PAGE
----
This major reference collection describes and reviews the contribution which geographers have made to the charting, description, analysis and understanding of this age-old phenomenon.
Migration is one of the dominant forces reshaping modern societies. The traditional concerns of geographers with flows, spatial differentiation and the power of place have given them unique understandings in the study of migration relevant to contemporary problems. Geographers have been able to make a distinctive contribution to knowledge about this phenomenon, from the laws of Ravenstein to the humanistic accounts of those caught up in refugee movements.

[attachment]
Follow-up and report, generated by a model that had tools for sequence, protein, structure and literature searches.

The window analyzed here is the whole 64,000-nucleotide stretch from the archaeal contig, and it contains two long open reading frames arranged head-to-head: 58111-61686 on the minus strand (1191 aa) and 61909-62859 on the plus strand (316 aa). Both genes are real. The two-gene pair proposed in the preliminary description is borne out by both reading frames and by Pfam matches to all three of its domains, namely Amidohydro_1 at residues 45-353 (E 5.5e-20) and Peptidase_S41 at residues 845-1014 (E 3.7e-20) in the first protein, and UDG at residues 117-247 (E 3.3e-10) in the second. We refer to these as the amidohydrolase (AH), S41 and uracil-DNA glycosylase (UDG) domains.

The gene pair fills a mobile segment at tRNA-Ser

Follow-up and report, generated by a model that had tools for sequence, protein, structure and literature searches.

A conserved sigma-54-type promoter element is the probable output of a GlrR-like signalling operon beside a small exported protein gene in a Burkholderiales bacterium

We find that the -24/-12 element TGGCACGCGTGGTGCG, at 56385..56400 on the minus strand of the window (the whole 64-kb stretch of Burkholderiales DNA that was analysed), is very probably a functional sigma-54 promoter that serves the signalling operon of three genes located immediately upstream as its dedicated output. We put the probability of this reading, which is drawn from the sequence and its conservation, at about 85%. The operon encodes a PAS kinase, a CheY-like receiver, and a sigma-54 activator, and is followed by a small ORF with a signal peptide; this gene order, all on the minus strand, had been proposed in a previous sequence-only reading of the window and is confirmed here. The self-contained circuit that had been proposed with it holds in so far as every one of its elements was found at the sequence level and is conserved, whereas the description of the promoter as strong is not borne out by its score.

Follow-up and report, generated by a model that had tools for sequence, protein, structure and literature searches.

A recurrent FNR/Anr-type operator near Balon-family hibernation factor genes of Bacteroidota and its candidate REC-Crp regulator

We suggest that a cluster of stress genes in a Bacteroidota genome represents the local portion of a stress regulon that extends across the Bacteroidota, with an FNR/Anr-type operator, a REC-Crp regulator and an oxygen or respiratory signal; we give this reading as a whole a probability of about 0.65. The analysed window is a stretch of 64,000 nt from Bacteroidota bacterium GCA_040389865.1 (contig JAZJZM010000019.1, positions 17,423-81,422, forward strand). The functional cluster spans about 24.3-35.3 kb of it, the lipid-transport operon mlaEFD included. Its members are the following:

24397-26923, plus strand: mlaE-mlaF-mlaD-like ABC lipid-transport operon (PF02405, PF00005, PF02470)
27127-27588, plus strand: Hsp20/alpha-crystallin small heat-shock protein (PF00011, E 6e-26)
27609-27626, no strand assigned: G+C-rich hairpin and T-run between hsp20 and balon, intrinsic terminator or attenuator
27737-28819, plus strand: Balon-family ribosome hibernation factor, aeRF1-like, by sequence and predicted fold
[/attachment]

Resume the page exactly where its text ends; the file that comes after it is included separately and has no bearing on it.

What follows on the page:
Geography and Migration includes macrolevel descriptions to examine whether migration takes place in discernible flows and whether there are regularities in migration patterns or in the characteristics, origin and behaviour of migrants. Micro and macro-level explanations follow and address the impact of life cycle, quality of life and search factors. The final section includes essays and papers on the impact of migration on participants, source areas and destinations.